In the days leading up to Canada Day, Indigenous community leaders and advocates have urged people to cancel any celebrations. Instead, they are asking for the day to be one to reflect on the real history of Canada and to support Indigenous people.
Several Canadian cities have scrapped their Canada Day celebrations in response to the recent discoveries of 215 Indigenous children’s remains at Kamloops Indian Residential School in the province of British Columbia (BC) and as many as 751 unmarked graves at Marieval Indian Residential School in Saskatchewan.
Canada’s residential school system operated from the late 1800s until the 1990s. It was part of a wider colonial project that aimed to take over Indigenous lands and forcibly assimilate First Nation, Métis and Inuit children into mainstream Canadian society. Various churches, including most notably the Roman Catholic Church, ran at least 139 residential schools across Canada.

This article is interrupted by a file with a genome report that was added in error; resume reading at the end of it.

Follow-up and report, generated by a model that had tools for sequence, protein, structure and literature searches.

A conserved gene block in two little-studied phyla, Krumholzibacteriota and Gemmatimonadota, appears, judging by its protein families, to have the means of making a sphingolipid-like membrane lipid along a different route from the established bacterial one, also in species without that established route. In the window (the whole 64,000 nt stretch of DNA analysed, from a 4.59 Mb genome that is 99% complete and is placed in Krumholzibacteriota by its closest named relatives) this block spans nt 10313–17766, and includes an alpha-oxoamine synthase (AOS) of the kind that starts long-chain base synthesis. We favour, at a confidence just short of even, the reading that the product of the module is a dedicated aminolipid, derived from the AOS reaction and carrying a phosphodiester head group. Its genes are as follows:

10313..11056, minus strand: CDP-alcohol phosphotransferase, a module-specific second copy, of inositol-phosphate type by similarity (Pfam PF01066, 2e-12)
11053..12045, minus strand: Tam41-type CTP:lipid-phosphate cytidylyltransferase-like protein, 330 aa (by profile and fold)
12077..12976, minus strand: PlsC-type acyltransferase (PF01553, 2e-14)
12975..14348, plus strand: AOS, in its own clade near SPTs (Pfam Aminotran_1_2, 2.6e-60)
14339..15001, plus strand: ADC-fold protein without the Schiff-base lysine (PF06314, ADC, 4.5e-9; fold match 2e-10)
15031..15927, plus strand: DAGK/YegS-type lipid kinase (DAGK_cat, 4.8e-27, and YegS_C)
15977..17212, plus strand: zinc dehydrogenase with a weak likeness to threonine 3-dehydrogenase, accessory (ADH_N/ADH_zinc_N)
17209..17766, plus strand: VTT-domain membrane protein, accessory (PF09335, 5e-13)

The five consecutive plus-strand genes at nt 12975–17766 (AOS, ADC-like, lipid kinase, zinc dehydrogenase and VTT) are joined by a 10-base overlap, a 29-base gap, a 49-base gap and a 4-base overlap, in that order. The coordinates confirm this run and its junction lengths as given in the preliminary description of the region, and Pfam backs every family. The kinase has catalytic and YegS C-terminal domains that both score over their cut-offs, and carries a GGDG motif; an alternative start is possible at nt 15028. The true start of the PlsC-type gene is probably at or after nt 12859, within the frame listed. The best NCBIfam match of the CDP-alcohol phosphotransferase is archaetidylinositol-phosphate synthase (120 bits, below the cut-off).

Indigenous people across Canada, particularly residential school survivors and their families, have experienced renewed trauma since the unmarked graves were discovered, while years-long calls for real accountability and justice from Ottawa and the Catholic Church have grown louder.
As First Nations mourn and considering the challenging moment we are in as a Canadian nation following the discovery of the remains of 215 children at a former Residential School. Let us take a minute today and educate ourselves on The Truth and Reconciliation Commission of Canada: Call to Action.